According to The Economist, Donald Trump’s speech at Mount Rushmore to mark American Independence Day ‘sought to inflame a culture war centered on race’. The Los Angeles Times, the New York Times, the Washington Post, and Associated Press made similar accusations. No doubt these news outlets felt their characterisations justified by statements on racial matters that President Trump has previously made.
But were their reports an accurate reflection of what Mr Trump said on this occasion?
He recalled that the Declaration of Independence had enshrined the ‘divine truth’ that ‘all men are created equal’. The United States had been ‘founded on Judeo-Christian principles’, while the family was ‘the bedrock of American life’.
He added: ‘We believe in equal opportunity, equal justice, and equal treatment for citizens of every race, background, religion, and creed.’ Among the many remarks Mr Trump made that were greeted with applause was this one: ‘Every child of every colour – born and unborn – is made in the holy image of God.’ And applause too when he declared: ‘We only kneel to Almighty God.’
Mr Trump saluted the achievements of the four presidents commemorated at Mt Rushmore, among them Abraham Lincoln’s emancipation proclamation. He hailed various other Americans, including Frederick Douglass, the Tuskegee Airmen, Harriet Tubman, Martin Luther King, Louis Armstrong, Ella Fitzgerald, Muhammad Ali, and Jesse Owens, the African-American sprinter who infuriated the Nazis by winning four gold medals at the Berlin Olympics in 1936.
Triumph of wisdom, philosophy and reason
The year 1776 represented the triumph of wisdom, philosophy, and reason. But now ‘our nation is witnessing a merciless campaign to wipe out our history, defame our heroes, and indoctrinate our children’. Children were being taught to believe that the men and women who built the country were not heroes, but villains. ‘The radical view of American history is a web of lies – all perspective is removed, every virtue is obscured, every motive is twisted, every fact is distorted, and every flaw is magnified until the history is purged and the record is disfigured beyond all recognition.’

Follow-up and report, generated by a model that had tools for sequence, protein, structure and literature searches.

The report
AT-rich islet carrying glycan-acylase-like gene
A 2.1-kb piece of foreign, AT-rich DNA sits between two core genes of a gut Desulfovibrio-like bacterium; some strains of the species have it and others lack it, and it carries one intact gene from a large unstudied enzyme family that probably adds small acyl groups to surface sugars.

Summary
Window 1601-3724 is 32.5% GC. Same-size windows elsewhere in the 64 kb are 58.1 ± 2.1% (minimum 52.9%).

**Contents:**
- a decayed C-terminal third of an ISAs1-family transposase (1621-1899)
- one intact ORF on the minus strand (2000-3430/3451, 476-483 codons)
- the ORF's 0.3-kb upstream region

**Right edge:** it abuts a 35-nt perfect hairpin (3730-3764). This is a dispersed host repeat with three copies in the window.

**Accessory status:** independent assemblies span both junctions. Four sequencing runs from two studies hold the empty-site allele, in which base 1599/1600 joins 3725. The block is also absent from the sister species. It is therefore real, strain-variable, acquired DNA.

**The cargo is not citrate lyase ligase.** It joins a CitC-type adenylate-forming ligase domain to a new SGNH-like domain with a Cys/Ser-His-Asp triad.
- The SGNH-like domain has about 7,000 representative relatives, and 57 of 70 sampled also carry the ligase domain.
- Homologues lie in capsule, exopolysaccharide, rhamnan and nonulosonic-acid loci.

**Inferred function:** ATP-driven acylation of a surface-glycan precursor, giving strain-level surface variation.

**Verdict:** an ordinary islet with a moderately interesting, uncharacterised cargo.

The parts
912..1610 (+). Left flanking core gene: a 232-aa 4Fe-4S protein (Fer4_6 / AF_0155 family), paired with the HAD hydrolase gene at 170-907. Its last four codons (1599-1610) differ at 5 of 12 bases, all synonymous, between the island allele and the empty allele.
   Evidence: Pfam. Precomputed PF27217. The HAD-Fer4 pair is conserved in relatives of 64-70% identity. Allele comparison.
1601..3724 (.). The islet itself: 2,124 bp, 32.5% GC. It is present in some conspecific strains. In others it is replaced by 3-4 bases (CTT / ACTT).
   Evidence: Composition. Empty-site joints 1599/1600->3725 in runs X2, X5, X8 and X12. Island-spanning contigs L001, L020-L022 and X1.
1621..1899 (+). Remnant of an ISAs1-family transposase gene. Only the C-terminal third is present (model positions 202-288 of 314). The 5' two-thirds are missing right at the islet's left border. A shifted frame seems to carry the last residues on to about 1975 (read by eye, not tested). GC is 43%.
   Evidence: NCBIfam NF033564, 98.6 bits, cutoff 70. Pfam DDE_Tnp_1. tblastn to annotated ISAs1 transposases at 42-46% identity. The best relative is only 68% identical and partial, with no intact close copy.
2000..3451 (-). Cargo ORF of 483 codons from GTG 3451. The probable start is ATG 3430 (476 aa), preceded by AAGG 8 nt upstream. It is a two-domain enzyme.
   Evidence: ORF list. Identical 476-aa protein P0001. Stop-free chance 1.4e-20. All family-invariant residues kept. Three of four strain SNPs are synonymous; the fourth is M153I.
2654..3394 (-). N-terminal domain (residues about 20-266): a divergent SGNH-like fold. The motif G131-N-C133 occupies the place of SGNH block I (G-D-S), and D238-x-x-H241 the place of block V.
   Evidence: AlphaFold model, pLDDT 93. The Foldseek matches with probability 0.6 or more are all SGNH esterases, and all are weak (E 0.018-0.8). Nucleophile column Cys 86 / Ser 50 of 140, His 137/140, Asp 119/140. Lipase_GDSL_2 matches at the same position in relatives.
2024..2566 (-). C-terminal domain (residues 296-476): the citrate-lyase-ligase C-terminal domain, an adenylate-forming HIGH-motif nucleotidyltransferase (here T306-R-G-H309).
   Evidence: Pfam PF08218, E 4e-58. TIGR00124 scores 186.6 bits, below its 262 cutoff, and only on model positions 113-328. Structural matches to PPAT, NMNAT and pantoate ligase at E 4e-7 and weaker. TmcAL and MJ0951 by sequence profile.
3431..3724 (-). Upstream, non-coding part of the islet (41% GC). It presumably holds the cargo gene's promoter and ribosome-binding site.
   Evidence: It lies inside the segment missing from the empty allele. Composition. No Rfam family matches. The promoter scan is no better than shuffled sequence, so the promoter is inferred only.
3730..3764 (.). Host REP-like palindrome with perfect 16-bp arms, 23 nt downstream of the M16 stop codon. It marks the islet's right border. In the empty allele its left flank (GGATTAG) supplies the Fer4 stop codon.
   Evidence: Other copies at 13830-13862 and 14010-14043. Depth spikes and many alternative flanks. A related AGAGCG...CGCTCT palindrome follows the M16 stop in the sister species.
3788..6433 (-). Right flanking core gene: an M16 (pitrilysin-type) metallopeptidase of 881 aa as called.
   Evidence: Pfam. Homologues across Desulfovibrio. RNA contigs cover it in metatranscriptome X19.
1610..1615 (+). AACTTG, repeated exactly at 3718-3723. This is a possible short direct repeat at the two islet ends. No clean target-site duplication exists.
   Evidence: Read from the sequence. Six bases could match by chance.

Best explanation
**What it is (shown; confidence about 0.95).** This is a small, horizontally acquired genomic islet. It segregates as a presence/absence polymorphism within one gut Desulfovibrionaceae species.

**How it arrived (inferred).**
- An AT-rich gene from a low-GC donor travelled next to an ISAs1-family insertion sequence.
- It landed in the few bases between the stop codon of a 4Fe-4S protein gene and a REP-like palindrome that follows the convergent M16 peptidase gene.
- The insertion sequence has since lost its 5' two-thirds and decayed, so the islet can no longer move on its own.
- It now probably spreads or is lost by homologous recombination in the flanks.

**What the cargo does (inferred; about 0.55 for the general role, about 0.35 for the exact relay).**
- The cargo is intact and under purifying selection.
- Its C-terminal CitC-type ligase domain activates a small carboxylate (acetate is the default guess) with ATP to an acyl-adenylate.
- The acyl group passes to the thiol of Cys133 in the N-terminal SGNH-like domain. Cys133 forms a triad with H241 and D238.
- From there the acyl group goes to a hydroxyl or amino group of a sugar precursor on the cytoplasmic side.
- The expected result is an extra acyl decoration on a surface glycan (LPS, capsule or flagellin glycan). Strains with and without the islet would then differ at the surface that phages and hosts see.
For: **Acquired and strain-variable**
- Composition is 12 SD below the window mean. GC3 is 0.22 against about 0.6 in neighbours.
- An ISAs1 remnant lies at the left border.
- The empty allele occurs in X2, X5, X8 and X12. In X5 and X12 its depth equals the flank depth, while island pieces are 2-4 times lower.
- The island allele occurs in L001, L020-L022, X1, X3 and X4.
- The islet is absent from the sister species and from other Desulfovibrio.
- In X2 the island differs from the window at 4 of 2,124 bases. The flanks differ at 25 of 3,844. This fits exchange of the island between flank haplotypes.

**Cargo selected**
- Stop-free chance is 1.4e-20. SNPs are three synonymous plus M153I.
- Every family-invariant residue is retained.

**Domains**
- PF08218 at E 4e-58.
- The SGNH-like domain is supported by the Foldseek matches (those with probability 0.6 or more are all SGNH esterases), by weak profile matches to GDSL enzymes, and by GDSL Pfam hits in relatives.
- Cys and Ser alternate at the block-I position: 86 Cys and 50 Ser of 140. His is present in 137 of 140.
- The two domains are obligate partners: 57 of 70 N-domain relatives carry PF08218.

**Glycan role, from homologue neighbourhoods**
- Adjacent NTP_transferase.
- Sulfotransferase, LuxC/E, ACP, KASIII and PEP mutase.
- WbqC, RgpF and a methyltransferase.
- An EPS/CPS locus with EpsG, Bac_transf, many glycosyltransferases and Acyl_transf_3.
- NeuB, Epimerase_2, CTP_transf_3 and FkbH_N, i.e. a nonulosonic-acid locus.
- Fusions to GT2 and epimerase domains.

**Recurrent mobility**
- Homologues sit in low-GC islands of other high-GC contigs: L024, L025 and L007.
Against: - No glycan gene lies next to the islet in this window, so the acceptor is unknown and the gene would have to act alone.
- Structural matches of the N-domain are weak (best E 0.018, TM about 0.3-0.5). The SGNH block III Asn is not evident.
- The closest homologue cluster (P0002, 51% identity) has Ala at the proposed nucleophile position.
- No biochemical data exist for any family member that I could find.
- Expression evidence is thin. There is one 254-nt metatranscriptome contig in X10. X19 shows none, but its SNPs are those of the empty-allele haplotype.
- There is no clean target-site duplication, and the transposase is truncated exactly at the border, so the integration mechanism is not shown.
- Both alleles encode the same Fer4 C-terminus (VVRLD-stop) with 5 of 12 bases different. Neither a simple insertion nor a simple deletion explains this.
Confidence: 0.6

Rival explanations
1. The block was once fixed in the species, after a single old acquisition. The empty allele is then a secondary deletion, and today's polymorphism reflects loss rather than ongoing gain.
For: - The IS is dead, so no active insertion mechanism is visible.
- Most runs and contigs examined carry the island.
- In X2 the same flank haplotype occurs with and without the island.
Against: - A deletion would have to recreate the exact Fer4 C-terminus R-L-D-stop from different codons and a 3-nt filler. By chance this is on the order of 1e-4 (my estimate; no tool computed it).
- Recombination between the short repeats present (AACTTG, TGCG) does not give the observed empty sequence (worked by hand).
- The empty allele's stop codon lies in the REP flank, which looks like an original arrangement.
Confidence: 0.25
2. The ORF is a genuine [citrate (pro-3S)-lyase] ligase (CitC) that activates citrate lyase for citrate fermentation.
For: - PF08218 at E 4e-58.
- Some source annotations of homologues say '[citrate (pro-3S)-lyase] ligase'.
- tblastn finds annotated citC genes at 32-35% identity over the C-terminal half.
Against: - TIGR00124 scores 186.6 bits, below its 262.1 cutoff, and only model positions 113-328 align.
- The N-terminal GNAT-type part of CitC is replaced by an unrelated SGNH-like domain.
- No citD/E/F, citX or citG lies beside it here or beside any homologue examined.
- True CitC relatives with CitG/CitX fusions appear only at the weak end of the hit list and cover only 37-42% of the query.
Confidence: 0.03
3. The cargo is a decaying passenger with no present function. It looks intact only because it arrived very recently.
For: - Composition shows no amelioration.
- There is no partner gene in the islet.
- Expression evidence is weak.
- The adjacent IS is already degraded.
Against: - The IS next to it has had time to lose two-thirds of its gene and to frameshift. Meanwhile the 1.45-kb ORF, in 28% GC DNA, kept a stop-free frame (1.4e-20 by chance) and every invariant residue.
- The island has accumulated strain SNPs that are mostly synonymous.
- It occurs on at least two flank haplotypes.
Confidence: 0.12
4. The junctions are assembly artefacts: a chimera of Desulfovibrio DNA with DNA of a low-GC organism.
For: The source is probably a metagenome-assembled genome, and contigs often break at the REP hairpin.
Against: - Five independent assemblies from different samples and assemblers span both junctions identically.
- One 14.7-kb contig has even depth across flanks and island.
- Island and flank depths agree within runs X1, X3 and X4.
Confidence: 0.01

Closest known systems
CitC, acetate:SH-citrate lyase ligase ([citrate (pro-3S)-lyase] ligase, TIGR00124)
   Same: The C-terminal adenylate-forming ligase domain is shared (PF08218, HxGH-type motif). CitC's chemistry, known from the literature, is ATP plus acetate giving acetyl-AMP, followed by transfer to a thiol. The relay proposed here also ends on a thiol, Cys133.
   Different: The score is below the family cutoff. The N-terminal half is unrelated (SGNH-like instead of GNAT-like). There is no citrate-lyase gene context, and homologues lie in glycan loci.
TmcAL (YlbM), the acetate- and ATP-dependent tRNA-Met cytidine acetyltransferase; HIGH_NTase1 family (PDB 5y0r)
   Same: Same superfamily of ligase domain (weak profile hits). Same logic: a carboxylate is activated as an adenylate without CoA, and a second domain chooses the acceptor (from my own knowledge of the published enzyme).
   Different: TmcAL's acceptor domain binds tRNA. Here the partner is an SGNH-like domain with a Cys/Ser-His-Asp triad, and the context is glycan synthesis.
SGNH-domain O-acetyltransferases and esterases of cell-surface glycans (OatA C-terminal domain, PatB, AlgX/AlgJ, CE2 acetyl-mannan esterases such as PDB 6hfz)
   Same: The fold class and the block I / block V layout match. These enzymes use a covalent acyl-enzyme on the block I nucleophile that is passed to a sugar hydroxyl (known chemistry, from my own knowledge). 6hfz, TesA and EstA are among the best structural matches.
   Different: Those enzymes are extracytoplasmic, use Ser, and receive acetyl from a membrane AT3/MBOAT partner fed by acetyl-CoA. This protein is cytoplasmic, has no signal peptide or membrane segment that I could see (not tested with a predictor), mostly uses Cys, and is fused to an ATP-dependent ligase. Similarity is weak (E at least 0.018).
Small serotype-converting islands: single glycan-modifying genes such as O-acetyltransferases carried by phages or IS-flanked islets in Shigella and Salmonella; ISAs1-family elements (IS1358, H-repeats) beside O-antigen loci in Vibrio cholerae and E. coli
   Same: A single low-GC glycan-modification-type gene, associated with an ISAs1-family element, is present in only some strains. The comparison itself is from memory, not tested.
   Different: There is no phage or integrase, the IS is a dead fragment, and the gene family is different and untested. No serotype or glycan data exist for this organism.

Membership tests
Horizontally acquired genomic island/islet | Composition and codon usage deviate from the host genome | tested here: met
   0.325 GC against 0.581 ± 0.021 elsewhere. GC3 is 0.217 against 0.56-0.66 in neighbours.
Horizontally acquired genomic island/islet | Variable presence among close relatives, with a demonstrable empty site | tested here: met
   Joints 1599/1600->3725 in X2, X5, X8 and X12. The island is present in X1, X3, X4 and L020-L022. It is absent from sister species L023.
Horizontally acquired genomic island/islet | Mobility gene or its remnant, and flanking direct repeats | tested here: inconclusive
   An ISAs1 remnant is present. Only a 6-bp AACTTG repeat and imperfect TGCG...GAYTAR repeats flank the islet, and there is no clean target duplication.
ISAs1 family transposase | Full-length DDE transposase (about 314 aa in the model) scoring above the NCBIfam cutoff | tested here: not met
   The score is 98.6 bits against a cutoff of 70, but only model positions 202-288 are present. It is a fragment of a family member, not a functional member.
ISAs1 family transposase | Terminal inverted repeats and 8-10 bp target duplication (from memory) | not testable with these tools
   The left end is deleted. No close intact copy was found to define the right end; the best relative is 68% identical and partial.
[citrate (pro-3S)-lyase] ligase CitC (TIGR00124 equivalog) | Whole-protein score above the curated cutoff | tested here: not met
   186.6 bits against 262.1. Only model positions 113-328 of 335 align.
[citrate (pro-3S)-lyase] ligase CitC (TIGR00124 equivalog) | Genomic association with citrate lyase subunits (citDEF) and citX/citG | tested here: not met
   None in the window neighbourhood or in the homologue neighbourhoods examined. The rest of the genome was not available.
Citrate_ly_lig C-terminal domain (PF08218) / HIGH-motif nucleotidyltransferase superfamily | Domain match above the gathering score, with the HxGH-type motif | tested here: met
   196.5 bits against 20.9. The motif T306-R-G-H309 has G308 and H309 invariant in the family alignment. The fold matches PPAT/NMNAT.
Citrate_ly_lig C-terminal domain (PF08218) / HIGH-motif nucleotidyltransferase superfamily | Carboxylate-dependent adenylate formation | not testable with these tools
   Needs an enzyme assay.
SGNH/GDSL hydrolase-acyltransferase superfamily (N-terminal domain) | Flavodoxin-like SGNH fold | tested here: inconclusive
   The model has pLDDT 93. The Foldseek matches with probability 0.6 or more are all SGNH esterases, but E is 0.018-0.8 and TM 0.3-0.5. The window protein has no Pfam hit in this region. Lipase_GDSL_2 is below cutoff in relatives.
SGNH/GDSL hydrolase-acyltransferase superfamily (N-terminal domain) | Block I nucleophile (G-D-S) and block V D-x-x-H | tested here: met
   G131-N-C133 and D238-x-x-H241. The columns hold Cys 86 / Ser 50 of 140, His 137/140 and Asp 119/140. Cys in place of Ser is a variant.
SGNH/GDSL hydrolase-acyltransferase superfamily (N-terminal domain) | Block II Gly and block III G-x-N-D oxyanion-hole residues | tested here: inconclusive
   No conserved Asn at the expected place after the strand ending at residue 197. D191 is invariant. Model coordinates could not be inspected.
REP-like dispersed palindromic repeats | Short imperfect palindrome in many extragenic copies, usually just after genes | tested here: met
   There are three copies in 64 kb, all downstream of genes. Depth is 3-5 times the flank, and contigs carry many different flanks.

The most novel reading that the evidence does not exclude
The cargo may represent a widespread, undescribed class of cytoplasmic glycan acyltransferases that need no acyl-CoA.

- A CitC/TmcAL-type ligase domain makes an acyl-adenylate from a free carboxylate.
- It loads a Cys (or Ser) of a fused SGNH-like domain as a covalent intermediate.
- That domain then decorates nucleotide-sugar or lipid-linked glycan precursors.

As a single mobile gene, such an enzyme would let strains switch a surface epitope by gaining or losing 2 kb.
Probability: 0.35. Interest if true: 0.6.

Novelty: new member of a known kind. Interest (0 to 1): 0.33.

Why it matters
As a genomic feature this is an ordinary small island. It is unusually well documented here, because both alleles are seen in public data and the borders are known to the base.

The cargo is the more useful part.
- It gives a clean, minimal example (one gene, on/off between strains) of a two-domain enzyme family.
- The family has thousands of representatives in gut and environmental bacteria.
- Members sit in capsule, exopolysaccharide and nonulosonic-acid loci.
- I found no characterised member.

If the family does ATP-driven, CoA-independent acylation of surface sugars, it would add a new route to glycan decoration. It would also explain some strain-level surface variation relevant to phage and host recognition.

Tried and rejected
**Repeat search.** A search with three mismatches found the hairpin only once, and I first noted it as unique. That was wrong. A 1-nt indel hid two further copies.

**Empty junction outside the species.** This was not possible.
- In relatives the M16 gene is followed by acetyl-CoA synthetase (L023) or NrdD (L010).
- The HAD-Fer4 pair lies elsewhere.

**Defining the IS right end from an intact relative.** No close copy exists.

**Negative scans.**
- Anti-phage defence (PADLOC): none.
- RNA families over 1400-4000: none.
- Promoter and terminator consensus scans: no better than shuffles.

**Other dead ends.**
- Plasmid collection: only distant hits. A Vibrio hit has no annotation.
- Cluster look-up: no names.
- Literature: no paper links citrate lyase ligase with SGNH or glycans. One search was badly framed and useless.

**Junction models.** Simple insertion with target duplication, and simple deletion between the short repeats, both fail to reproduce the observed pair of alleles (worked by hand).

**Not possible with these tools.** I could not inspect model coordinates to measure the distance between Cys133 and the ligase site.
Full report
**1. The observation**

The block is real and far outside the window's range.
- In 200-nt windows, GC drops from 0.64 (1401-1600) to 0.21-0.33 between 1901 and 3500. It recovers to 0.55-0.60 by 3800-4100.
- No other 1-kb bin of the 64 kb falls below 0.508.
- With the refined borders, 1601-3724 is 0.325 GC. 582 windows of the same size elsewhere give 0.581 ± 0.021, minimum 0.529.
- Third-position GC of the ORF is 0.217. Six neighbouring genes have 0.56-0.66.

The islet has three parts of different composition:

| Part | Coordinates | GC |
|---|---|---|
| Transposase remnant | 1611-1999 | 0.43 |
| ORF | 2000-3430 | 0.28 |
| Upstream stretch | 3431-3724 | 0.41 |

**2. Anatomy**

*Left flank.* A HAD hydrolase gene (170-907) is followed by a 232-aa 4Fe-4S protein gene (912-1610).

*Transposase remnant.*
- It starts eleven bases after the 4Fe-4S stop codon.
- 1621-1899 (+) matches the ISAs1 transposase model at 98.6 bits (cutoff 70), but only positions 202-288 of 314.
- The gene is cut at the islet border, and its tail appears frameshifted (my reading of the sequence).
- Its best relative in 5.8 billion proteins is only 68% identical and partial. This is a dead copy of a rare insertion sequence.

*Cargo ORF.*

Many of those in the angry mobs tearing down statues and unleashing violent crime in cities had no idea why they were doing so, but ‘some know exactly what they are doing’.
One of the political weapons of this ‘left-wing cultural revolution’ was ‘cancel culture – driving people from their jobs, shaming dissenters, and demanding total submission from anyone who disagrees’. This was the ‘very definition of totalitarianism and it is completely alien to our culture and our values’.
‘In our schools, our newsrooms, even our corporate boardrooms, there is a new far-left fascism that demands absolute allegiance. If you do not speak its language, perform its rituals, recite its mantras, and follow its commandments, then you will be censored, banished, blacklisted, persecuted, and punished.’
It was time, Mr Trump said, to ‘speak up loudly and strongly and powerfully and defend the integrity of our country’. He announced that he was deploying federal law enforcement to protect monuments, arrest rioters, and prosecute offenders.
Bizarre period in history
The world is going through a bizarre period in history. In Hong Kong the Chinese government is busy trying to squash dissent and impose dictatorship. In the US, vociferous groups are busy trying to squash free speech, and so undermine democracy. What the Chinese are doing from without, some Americans are doing from within.
People in Hong Kong are fighting for freedoms for which huge numbers of Americans have died, yet the assault upon these freedoms within the US has the active support of large sections of the media, academia, non-governmental organizations, donor agencies, the usual suspects among celebrities, and business. Mr Trump, habitually excoriated as a right-wing threat to democracy, used this occasion to defend the liberal values upon which civilised societies are built, while the American ‘liberal’ establishment is busy aiding and abetting their destruction.
The killing of George Floyd has been ruthlessly and cynically exploited to intensify a Maoist-type culture war that dates back before Mr Trump became president and which he is trying to counter. He understands the dangers even if The Economist, the New York Times, et al do not. By attacking him for ‘stoking’ and ‘inflaming’ the culture war launched by others these newspapers reveal that their loathing of Mr Trump has led them not only to misrepresent what he said but also to turn logic upside down.
The battle against the ‘far-left fascists’ has to be fought and won. The fact that a man as deeply flawed as Mr Trump has to lead it is a tragic reminder of how the American ‘liberal’ establishment has abandoned the values upon which their nation was founded.